The Man

by Bram Stoker

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Chapter VI--A Visit to Oxford

The next important move in the household was Harold's going to Cambridge. His father had always intended this, and Squire Norman had borne his wishes in mind. Harold joined Trinity, the college which had been his father's, and took up his residence in due course.

Stephen was now nearly twelve. Her range of friendships, naturally limited by her circumstances in life, was enlarged to the full; and if she had not many close friends there were at least of them all that was numerically possible. She still kept up to certain degree the little gatherings which in her childhood were got together for her amusement, and in the various games then instituted she still took a part. She never lost sight of the fact that her father took a certain pleasure in her bodily vigour. And though with her growing years and the conscious acceptance of her womanhood, she lost sight of the old childish fancy of being a boy instead of a girl, she could not lose sight of the fact that strength and alertness are sources of feminine as well as of masculine power.

Amongst the young friends who came from time to time during his holidays was Leonard Everard, now a tall, handsome boy. He was one of those boys who develop young, and who seem never to have any of that gawky stage so noticeable in the youth of men made in a large pattern. He was always well-poised, trim-set, alert; fleet of foot, and springy all over. In games he was facile princeps, seeming to make his effort always in the right way and without exertion, as if by an instinct of physical masterdom. His universal success in such matters helped to give him an easy debonair manner which was in itself winning. So physically complete a youth has always a charm. In its very presence there is a sort of sympathetic expression, such as comes with the sunshine.

Stephen always in Leonard's presence showed something of the common attitude. His youth and beauty and sex all had their influence on her. The influence of sex, as it is understood with regard to a later period of life, did not in her case exist; Cupid's darts are barbed and winged for more adult victims. But in her case Leonard's masculine superiority, emphasised by the few years between their age, his sublime self-belief, and, above all, his absolute disregard for herself or her wishes or her feelings, put him on a level at which she had to look up to him. The first step in the ladder of pre- eminence had been achieved when she realised that he was not on her level; the second when she experienced rather than thought that he had more influence on her than she had on him. Here again was a little morsel of hero worship, which, though based on a misconception of fact, was still of influence. In that episode of the crypt she had always believed that it was Leonard who had carried her out and laid her on the church floor in light and safety. He had been strong enough and resolute enough to do this, whilst she had fainted! Harold's generous forbearance had really worked to a false end.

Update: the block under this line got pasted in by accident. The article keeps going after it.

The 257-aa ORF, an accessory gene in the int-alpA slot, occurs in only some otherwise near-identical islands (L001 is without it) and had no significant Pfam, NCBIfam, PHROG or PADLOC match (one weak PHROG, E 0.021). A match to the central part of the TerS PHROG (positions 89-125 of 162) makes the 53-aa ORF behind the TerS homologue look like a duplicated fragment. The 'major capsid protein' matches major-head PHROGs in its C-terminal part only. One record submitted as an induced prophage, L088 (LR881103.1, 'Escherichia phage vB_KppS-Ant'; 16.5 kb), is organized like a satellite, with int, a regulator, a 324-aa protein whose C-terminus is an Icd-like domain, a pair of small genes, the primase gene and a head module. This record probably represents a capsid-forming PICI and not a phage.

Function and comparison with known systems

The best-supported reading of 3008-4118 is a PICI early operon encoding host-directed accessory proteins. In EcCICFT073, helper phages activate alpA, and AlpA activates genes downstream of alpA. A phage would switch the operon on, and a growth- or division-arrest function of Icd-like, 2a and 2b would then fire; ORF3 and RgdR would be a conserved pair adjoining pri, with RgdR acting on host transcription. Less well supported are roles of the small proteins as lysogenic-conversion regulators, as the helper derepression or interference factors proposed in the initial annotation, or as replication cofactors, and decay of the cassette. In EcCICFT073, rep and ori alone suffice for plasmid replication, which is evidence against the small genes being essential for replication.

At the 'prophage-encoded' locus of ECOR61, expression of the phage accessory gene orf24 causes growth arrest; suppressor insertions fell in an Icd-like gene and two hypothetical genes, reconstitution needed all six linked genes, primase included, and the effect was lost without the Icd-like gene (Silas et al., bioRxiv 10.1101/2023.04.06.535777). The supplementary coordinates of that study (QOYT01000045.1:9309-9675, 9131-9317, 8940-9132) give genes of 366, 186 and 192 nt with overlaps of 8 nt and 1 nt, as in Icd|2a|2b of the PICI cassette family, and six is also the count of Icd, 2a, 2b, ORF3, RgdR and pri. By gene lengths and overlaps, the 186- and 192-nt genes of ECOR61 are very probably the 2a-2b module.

It was not strange, therefore, that she found occasional companionship with the handsome, wilful, domineering boy somewhat of luxury. She did not see him often enough to get tired of him; to find out the weakness of his character; to realise his deep-seated, remorseless selfishness. But after all he was only an episode in a young life which was full of interests. Term after term came and went; the holidays had their seasonable pleasures, occasionally shared in common. That was all.

Harold's attitude was the same as ever. He was of a constant nature; and now that manhood was within hail the love of his boyhood was ripening to a man's love. That was all. He was with regard to Stephen the same devoted, worshipping protector, without thought of self; without hope of reward. Whatever Stephen wished Harold did; and Stephen, knowing their old wishes and their old pleasures, was content with their renewal. Each holiday between the terms became mainly a repetition of the days of the old life. They lived in the past.

Amongst the things that did not change was Stephen's riding dress. The scarlet habit had never been a thing for everyday wear, but had from the first been kept for special occasions. Stephen herself knew that it was not a conventional costume; but she rather preferred it, if on that account alone. In a certain way she felt justified in using it; for a red habit was a sort of tradition in the family.

It was on one of these occasions that she had gone with Harold into the churchyard where they had heard the discussion regarding God and the Angels.